How do you face designers block?
Go outside - skate downtown or ride my bike into the wilds. Most of my ideas germinate while mowing the lawn anyway. Fresh air is the answer.
I have the opposite problem. I usually have too many ideas and my problem is deciding which idea is best. Sometimes they are all bad and it takes a lot of courage to tell myself that I’m wrong.
Move to the next project.
Sometimes I just need to clear my head. It helps to step away for a few days and do nothing but watch TV/movies, play video games, go outside. Ideas usually come to me when I’m not really thinking about art but when I’m numbly watching TV, drinking a beer.
I’ve never had it. Sweat until you come up with something. Professionally you can’t have a block. You just have to do it. Now, I just make my own stuff whenever I feel like it. The older I get, the more stuff I want to do. I’m overwhelmed with projects, but not blocked.
It’s funny, I just wrote a feature for .net Magazine in the UK on this specific topic. Ultimately I think it all comes down to breaking a project into smaller tasks and just getting down to work.
I think the only real way to get over a block is to keep working on the project until you have that “a-ha!” moment. Looking at other people’s work is always great too.
Flip Flop Flyin
By staring at a blank Photoshop document for hours, or procrastinating. YouTube is very helpful for that.
Doing something totally unrelated - something time and mind consuming
“Designers block”? What the hell is that? Only a lousy designer (if he’s been fed the correct information) can possibly experience not being able to come up with a thrilling idea, anytime, anywhere.
Sketching like crazy, listening to music, going to a museum or gallery, going through books and magazines not necessarily related to the subject, and surfing the web. Usually bouncing ideas back and forth with other people solves it because it helps me dissect and rethink whatever I have to solve.
Watch TV or go to the outside world. There’s always something good in these places. I listen to people’s conversations. There are some strange creatures out there and sometimes the things they say are truly amazing.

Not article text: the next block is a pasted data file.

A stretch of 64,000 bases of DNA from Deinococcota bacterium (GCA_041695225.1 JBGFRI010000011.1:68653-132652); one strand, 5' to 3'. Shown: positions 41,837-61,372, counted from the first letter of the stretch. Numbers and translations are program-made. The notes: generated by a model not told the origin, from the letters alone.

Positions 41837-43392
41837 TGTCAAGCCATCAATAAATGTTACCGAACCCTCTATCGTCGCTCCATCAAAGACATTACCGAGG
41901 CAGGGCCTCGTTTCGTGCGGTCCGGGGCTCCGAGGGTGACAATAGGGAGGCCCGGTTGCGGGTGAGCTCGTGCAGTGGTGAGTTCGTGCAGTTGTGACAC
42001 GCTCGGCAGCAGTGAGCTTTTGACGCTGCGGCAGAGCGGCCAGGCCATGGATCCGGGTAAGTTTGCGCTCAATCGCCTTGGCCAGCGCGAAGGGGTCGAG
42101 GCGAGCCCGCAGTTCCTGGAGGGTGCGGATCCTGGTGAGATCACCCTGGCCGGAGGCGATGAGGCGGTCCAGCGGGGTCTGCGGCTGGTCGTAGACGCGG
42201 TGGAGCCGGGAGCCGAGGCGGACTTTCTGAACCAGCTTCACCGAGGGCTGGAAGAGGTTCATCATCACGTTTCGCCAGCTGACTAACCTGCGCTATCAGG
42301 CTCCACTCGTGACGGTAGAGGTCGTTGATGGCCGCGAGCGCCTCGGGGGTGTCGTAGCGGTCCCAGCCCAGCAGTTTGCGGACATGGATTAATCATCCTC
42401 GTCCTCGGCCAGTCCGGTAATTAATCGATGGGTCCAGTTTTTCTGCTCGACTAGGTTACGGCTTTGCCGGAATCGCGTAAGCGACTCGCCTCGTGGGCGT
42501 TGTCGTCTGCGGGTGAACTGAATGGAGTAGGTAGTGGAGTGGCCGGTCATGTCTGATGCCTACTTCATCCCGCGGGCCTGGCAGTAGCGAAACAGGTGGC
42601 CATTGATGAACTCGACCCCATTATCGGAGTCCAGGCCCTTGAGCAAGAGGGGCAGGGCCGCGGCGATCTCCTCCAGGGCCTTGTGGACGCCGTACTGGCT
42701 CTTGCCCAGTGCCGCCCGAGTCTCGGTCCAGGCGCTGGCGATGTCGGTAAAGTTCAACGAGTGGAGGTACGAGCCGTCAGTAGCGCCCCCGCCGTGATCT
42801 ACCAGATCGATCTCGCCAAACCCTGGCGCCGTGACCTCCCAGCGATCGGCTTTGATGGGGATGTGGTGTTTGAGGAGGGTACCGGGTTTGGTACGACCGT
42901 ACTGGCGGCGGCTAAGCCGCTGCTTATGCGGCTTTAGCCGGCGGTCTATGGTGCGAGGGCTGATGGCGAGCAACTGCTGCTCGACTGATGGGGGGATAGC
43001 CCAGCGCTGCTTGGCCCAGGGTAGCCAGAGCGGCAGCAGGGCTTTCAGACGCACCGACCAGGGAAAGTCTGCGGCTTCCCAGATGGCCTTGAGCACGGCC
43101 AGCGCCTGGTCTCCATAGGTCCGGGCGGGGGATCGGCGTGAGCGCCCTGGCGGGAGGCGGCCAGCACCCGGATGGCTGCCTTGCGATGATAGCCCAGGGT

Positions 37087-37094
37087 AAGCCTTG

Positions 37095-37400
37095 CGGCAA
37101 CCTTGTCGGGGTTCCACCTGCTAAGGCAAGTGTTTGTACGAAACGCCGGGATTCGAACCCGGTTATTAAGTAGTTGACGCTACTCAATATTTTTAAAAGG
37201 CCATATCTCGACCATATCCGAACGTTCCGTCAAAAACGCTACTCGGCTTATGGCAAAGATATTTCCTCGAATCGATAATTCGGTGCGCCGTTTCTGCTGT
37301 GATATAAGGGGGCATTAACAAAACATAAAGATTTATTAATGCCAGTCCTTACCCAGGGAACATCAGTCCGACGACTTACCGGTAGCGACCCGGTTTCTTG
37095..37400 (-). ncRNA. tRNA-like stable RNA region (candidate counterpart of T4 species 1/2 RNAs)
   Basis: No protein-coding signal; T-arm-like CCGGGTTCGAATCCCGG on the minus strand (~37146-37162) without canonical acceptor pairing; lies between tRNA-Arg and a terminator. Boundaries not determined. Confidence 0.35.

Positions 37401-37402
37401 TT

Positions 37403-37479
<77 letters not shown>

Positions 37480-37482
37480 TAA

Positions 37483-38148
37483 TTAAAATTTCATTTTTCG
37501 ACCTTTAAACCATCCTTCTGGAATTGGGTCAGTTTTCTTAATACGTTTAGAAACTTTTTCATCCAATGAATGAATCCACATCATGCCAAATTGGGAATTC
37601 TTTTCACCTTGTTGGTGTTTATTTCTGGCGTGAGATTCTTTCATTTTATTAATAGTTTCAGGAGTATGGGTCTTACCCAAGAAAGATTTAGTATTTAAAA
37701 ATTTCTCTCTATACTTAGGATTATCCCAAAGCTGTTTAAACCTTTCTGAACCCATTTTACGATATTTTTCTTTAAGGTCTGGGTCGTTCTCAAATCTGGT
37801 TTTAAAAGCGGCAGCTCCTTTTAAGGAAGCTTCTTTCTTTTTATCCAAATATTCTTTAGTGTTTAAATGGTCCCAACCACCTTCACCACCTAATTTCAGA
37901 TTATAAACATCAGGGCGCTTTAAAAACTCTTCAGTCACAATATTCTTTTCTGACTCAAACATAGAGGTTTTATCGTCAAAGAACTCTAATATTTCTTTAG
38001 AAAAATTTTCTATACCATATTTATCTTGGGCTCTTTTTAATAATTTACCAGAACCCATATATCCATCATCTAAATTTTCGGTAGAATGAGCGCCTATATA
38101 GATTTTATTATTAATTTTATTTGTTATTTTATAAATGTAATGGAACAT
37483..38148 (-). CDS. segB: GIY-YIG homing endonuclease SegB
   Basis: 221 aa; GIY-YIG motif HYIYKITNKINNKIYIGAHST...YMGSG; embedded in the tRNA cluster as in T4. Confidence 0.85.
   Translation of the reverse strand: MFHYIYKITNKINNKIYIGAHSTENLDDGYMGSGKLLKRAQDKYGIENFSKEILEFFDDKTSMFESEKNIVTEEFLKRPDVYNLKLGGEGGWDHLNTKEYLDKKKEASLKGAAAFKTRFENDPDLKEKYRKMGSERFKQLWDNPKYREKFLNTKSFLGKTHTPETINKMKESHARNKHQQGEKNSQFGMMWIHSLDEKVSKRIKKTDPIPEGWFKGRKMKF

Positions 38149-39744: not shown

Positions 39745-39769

When I face designers block, I sit down with a bunch of design annuals and turn to random pages. When I spot something interesting, I ask myself “what technique or big idea did they use here and how can I apply it to my current challenge?” I try to find ideas that are “out of category.” For example, if I’m designing a package, I’ll look at interior design for inspiration. I try to “turn design challenges on their head” to find the least expected, radically honest, solution.
Very poorly, usually. It can be frustrating, but I’ve found the best thing to do is totally disengage from whatever I’m working on and do something else for a couple hours, or even a day. I try to keep my eyes open to problems being solved on every scale (both naturally and by people). I look for inspiration in approach rather than result, and oftentimes I’ll find something that resonates with the problem at hand (at least indirectly).
I experience designers block when fear enters into the mix. When a good concept is elusive I experiment with different approaches rather than worrying about it. Design is a process and when I can treat fear as a stimulus rather than a block, it actually helps.
What is it?
I believe designer’s block is a literary notion.
Look at my doodles. It is one of the visual places where evidence of my subconscious bubbles to the surface.
By speaking about design history...
See my answer to the last question - sit down with anyone in the studio who’s willing, and have a chat about it over a cup of tea.
Fill/Stroke is a collection of three individuals who have always been good at collecting content, but never really good at sharing it. We formed in early 2008, and have been honored to interview some of the greatest designers of our time.
If you have any questions, please feel free to e-mail us at firstname.lastname@example.org
Find our old blog here